The Case for Arturo Gatti in the Hall

By Ted Sares on October 19, 2011
The Case for Arturo Gatti in the Hall
Gatti participated in The Ring’s Fight of the Year an astounding four times. (Robert Ecksel)

Gatti had the charisma of Jerry Quarry and the excitement of Bobby Chacon, Matthew Saad Muhammad, and Danny “Little Red” Lopez…

Fourth in a Series of Five

“There’s only one way you can lick [Tony] Zale—you gotta kill him.”—Rocky Graziano

“The proof is in the pudding when I get in the ring.”— Carl “The Cat” Thompson

“I hear the cheers when I need to hear them. It feels good to know my fans are still behind me.”—Arturo Gatti

“Mr. Excitement”

Danny “Little Red” Lopez was “Mr. Excitement.” He was never in a dull fight, and was most dangerous if he had been decked—which was often. Soft-spoken and humble, he was ferocious and unrelenting once the bell rang. In an era in which fights were regularly seen free on non-cable television, he was one of the greatest of the television fighters and his name guaranteed big ratings. Danny was a volume puncher who worked to set up his knockout blow which he could deliver with either hand. His fights often turned into melodramas in which he overcame knockdowns, severe punishment, and adversity to score sudden and spectacular knockouts. In this regard, he was like Matthew Saad Muhammad. He was a “Gatti before Gatti.” He would get off the canvas and roar back. Turning predator, he would hunt down and take out his opponent in savage fashion. He was heavy-handed, which belied his skinny appearance, and if he connected flush, it usually spelled the end. In 1979, Lopez KO’d Mike Ayala in the 15th round in what was The Ring magazine’s Fight of the Year.

Like fellow Californian Bobby Chacon, Little Red connected with his fans in an electric way. The roars started as soon as he was seen coming down the aisle with his Native American headdress on and didn’t stop until he left the ring—usually a winner. And like Chacon, he left boxing with a reputation of being one of the most exciting fighters to toil in the square circle. Lopez was inducted into the World Boxing Hall of Fame at age 35, the youngest man ever elected. He is now in the International Boxing Hall of Fame. One thing is certain: he was always the perennial crowd favorite and his legacy is forever secure with aficionados.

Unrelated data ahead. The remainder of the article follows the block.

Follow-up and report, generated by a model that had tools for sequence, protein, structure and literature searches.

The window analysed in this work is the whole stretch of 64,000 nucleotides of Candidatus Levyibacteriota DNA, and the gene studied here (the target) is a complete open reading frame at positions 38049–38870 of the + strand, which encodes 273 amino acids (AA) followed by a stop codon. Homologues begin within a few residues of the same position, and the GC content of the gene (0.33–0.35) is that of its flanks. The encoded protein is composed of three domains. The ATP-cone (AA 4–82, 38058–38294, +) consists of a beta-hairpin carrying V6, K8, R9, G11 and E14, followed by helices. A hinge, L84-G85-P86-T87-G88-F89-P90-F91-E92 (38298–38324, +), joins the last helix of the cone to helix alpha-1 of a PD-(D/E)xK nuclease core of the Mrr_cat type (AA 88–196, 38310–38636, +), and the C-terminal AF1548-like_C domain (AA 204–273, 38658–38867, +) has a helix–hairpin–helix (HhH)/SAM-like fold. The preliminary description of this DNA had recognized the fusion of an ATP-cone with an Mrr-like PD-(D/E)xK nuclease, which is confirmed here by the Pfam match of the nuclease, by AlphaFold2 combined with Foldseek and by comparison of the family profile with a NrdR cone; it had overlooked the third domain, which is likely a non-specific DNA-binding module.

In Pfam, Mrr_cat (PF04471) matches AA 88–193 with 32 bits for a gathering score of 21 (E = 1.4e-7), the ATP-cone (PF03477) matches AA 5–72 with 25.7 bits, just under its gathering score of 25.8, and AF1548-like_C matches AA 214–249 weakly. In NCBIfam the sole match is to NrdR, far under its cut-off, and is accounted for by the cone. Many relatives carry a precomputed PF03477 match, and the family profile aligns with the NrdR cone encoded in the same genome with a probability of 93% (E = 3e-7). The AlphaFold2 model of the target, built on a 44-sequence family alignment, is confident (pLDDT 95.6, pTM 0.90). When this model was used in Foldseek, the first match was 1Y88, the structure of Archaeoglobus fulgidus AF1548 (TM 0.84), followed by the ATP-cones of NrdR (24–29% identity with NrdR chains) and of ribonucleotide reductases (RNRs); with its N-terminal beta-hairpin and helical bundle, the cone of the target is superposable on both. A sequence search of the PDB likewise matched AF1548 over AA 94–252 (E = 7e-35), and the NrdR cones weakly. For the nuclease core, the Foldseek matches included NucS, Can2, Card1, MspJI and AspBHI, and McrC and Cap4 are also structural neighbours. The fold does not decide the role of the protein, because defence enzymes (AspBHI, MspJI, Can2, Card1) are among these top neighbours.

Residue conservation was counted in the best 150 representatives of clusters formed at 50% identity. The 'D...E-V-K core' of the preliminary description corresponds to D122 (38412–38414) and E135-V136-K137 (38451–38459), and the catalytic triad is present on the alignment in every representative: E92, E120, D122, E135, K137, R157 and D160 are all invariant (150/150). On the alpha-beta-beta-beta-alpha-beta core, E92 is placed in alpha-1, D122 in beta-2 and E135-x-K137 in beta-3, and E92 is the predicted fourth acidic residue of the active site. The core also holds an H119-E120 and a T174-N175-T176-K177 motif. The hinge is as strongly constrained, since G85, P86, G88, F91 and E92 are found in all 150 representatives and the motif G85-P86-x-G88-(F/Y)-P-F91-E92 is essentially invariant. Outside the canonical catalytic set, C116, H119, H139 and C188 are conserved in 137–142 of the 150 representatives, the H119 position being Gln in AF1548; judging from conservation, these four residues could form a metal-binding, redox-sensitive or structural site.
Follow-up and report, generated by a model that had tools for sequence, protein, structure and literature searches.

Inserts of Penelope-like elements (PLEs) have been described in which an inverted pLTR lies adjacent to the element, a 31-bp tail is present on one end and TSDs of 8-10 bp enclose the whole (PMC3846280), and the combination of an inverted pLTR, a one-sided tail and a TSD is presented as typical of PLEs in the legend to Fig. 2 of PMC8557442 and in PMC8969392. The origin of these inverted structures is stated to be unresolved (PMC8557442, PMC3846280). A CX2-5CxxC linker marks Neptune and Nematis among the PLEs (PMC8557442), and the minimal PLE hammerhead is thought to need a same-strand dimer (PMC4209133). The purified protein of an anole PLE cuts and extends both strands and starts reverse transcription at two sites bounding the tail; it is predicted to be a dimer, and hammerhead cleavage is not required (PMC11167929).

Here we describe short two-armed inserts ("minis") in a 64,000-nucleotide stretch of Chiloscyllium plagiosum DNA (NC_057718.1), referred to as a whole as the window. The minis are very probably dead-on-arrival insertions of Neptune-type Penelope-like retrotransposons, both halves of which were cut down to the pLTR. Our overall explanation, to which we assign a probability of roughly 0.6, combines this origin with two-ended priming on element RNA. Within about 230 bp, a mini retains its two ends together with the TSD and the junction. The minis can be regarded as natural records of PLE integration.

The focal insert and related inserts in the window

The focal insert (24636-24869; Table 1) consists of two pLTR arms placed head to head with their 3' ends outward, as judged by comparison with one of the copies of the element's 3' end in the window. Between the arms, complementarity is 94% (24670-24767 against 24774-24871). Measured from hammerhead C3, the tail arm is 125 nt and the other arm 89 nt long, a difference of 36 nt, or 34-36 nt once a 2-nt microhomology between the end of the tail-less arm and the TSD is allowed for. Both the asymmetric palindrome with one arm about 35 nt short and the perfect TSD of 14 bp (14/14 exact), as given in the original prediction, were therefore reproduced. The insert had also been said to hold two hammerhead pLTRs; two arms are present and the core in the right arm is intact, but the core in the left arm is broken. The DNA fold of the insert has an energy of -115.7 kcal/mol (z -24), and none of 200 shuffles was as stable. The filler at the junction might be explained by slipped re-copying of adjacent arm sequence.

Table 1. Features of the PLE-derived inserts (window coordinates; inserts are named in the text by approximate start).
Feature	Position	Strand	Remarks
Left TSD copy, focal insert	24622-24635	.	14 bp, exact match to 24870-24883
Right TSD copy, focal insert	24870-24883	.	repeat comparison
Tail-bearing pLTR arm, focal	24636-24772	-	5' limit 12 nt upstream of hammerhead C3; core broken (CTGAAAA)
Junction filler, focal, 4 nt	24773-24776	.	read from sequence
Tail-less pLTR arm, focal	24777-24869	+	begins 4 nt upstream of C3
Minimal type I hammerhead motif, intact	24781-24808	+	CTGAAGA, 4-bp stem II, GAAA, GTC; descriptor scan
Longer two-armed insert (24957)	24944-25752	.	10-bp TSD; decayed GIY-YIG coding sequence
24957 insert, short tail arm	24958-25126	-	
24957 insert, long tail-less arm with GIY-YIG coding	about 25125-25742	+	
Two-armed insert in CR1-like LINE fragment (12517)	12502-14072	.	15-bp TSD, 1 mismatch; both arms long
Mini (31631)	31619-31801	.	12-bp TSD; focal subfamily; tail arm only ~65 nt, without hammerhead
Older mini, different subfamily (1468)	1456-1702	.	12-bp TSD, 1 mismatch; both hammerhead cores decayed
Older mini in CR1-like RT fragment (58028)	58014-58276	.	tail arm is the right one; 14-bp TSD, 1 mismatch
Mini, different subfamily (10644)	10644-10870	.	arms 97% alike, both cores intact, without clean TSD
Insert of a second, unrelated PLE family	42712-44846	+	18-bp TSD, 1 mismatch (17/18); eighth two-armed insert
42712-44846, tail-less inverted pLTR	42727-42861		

“Miracle Matthew”

Matthew Saad Muhammad was another who was extremely popular and connected with his fans in a special way. His action-oriented style guaranteed that almost every fight would be a thriller in which he would come back from the precipice to put his opening away. His rematch with another great fan-favorite, Yaqui Lopez, was one for the ages as Saad was hit with 20 unanswered hard blows in round eight, but he recovered to drop Lopez five times en route to a knockout win. It was The Ring magazine’s 1980 Fight of the Year.

Matthew Saad Muhammad’s signature was his ability to absorb punishment and then mount drama-filled comebacks. Indeed, he was nicknamed “Miracle Matthew,” but in retrospect, he could well have been nicknamed “Gatti before Gatti.” He was inducted into the International Boxing Hall of Fame in 1998.

For fans fortunate enough to have watched fights on Saturday and Sunday afternoons in the late ‘70s and early ‘80s, the action provided by Danny Lopez and Matthew Saad Muhammad will never be forgotten. He too is in the IBHOF.

Arturo Gatti (1972-2009)

Most of what can be said or written about this exciting warrior has already been said (or is being said) and it is not my intention to add much except to point out that he shared something in common with Bobby Chacon, Little Red, Miracle Matthew, and a few other special people. Gatti had the charisma of Jerry Quarry and the excitement of Chacon, Muhammad, and Little Red.

What made them special? Each was an all-out action fighter who possessed tremendous recuperative powers in the ring; each was known throughout his career for having unique connections with their adoring fans. In this regard, as soon as the crowd spotted “Thunder” with his old school-style white robe, they would start the roar that would follow him into the ring and chills would go down your spine. 

Maybe it was their propensity to take it to the brink each and every time out—to lay it all on the line without regard to their own well-being. Each participated in classics; heck, Gatti participated in The Ring’s Fight of the Year an astounding four times (1997, 1998, 2002, and 2003).  Arturo fought them all running up a 40-9 record. He met Leonard Dorin (22-0-1), Thomas Damgaard (37-0), Gianluca Branco (32-01)), and Joe Hutchinson (18-0-2). He also fought higher level guys like Oscar De La Hoya, Floyd Mayweather Jr., Ivan Robinson (twice), Tracy Harris Patterson (twice), Irish Mickey Ward in the great trilogy, and Calvin Grove.  In so doing, he demonstrated tremendous and immense heart, and that’s one of the most important things for boxing fans because boxers with heart never give up. They are ceaseless aggressors; oncoming warriors who will gladly absorb two or three punches just for the opportunity of landing one.